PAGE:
Curator Grace Aneiza Ali was struck when she first came across the definition of women’s work in the Oxford Dictionary: “work traditionally and historically undertaken by women, especially tasks of a domestic nature such as cooking, needlework and child rearing.”
While the dictionary, first written by lexicographer James A. H. Murray in 1879, has been updated quarterly for nearly the past two decades, the definition of “women’s work” remains.
“My jaw dropped when I saw ‘women’s work’ still being this antiquated definition,” Ali said, “in what one would argue is one of the primary dictionaries in the world.”
It wasn’t because she devalued or dismissed this type of work that she was bothered—it was that the definition was so limiting. Her outrage begs the question: Who gets to define, and what happens when those being defined don’t have a say?
As a curator, founder of the art activism publication OF NOTE Magazine and Assistant Professor of Art & Public Policy at New York University, Ali turned to what she knew best to explore how this term could be reimagined for contemporary times. On display at Pen + Brush in New York City, the exhibition Women’s Work: Art & Activism in the 21st Century features the work of five women artist-activists—Sama Alshaibi, María Magdalena Campos-Pons, Suchitra Mattai, Miora Rajaonary, and Ming Smith—whose roots span the globe. Each engage the current political moment via their artmaking.
Ms. spoke with Ali about the importance of art and language in shaping how we think—and why “women’s work” should be expanded to include acts of resistance.
This exhibition uses the Oxford Dictionary definition as a jumping off point. Why was this the catalyst?
Language is so critical to every single thing that we do. Language can be used as a tool of liberation. It can equally be used as a tool of oppression. So when we ask people to shift the way they think about a particular idea, we have to start with language.
Women have already been doing the work; transcending these definitions and parameters of what women’s work is, but here we are with this definition still very much intact and still very much used. I wanted to use art to trouble that definition, call attention to it and provoke it.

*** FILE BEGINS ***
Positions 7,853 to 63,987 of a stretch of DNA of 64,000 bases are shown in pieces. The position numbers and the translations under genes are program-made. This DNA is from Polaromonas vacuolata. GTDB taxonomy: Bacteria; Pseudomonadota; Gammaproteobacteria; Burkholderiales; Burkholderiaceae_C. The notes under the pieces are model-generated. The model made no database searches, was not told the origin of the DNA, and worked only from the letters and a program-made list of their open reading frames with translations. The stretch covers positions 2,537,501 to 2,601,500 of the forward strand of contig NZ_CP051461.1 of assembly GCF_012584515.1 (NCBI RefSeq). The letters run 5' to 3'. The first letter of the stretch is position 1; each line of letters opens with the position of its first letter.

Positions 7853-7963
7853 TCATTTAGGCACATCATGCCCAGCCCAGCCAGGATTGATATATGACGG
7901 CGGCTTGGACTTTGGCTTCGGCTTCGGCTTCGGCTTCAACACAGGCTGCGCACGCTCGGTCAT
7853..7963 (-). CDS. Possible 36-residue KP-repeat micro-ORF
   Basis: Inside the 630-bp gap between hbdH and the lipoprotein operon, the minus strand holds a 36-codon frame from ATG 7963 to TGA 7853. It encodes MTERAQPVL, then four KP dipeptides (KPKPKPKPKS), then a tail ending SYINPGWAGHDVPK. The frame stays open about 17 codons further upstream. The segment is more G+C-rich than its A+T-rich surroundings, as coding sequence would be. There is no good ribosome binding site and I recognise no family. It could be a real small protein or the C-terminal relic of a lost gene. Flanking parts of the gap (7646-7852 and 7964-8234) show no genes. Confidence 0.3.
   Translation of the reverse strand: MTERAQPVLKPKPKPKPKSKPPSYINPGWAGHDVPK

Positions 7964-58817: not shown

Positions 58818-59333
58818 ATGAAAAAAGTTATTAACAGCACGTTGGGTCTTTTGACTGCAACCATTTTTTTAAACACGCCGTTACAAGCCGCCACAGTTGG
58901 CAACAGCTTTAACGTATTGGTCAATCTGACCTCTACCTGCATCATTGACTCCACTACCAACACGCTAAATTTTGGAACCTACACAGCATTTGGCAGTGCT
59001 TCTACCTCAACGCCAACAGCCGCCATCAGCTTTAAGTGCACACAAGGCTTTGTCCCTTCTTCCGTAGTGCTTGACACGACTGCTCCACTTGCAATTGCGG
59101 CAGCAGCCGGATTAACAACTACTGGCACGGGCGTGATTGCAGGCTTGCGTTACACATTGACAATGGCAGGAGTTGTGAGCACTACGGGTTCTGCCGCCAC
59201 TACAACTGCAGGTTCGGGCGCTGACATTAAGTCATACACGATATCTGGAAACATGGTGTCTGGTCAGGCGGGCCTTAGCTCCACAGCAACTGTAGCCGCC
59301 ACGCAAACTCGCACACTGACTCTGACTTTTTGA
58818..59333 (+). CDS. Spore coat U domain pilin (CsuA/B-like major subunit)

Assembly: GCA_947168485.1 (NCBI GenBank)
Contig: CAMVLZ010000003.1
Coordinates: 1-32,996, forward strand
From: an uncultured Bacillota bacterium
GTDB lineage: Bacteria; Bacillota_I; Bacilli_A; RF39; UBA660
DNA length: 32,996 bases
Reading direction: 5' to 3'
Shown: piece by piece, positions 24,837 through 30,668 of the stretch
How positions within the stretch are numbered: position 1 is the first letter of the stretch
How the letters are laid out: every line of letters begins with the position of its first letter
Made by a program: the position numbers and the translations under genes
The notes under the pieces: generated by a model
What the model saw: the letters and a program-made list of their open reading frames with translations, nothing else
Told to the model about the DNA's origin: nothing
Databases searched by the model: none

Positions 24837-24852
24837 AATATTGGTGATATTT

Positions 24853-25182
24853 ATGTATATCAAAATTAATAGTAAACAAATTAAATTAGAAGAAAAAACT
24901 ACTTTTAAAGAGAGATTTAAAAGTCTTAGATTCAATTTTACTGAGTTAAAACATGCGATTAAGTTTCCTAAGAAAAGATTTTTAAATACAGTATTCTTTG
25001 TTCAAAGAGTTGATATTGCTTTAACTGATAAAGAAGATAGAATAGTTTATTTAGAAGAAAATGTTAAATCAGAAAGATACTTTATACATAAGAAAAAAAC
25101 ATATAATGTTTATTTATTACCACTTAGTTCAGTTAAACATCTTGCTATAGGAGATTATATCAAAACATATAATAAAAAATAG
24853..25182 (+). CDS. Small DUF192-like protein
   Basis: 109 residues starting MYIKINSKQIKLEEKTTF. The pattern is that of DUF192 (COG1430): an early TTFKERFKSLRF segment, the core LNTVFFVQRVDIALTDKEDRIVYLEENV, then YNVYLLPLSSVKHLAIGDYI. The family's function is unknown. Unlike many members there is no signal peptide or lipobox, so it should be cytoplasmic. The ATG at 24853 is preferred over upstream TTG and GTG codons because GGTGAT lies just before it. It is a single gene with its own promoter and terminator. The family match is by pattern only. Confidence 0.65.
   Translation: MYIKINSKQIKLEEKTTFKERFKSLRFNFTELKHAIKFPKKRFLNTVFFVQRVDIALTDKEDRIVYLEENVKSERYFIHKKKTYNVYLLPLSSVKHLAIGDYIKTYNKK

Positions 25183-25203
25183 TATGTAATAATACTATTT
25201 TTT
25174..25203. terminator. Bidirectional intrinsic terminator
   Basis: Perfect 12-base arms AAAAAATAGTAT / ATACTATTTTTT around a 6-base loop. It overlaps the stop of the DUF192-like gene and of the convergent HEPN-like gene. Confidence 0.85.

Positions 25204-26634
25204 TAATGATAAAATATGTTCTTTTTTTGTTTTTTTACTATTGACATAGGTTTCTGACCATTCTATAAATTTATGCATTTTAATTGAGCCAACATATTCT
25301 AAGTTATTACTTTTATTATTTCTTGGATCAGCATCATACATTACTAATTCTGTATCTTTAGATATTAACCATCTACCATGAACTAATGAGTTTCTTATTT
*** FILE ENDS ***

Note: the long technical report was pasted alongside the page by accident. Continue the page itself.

At the exhibition itself, the thing that women have responded the most to is the fact that the Oxford Dictionary definition [of ‘women’s work’] is projected onto the wall. So many women are in awe that this definition still exists. They think it’s an artwork on the wall. They’ll ask, “Who’s the artist for this?” I tell them, “Oxford.”
The show is part of Pen + Brush’s 125th anniversary year. Why was it a perfect fit, and what did it take to make it happen?
If there was an institution, both historically and contemporarily, that embodies the definition of women’s work, it’s Pen + Brush. It’s women-run, women-led and women-driven—and has a long history of being committed to women in the arts.
As an all-women staff working on this together, we did everything from conceiving the idea to writing exhibition text to painting the walls. We did all the gendered “female” and “male” parts of an entire curatorial process—not only the intellectual heavy lifting, but the labor of what it takes to physically install a show. We measured, hung nails, installed the work. So moving away from these gendered ways of seeing curatorial work and installation was also really critical and important to this definition of “women’s work.”
What was your first impression of women’s work?
As little girls, no matter where we are in the world, we’ve heard that phrase. When I was growing up in Guyana, my mom would say to me, “No, your brother doesn’t need to do the dishes. That’s girls’ work, that’s women’s work.” She didn’t trouble the definition, and I don’t fault her for that because my mother learned it from her mother, and my grandmother learned it from her mother.
These definitions are very generationally rooted. They’re ancestrally rooted. They’re certainly culturally rooted.
In terms of the wider political context, can you talk a little bit more about how troubling this definition connects with the wave of more publicized activism you’re seeing women engaging in now?
Well, I’m sitting here now doing this interview from the Mall in Washington, D.C. I was right here in 2017 for the Women’s March and heard now presidential candidate Kamala Harris speak. She asked all of us, the millions of us gathered on the Mall: “You want to talk about women’s issues? Let’s talk about the economy, national security, health care, education, criminal justice reform, climate change…”
What she was doing in that speech was asking us to also expand the notion of women’s issues and women’s work from these gendered perspectives. Women have always been taking care of the environment. Women have always been environmental activists. Women have always been thoughtful about climate change or the economy. Women have always been fighting for our human and civil rights.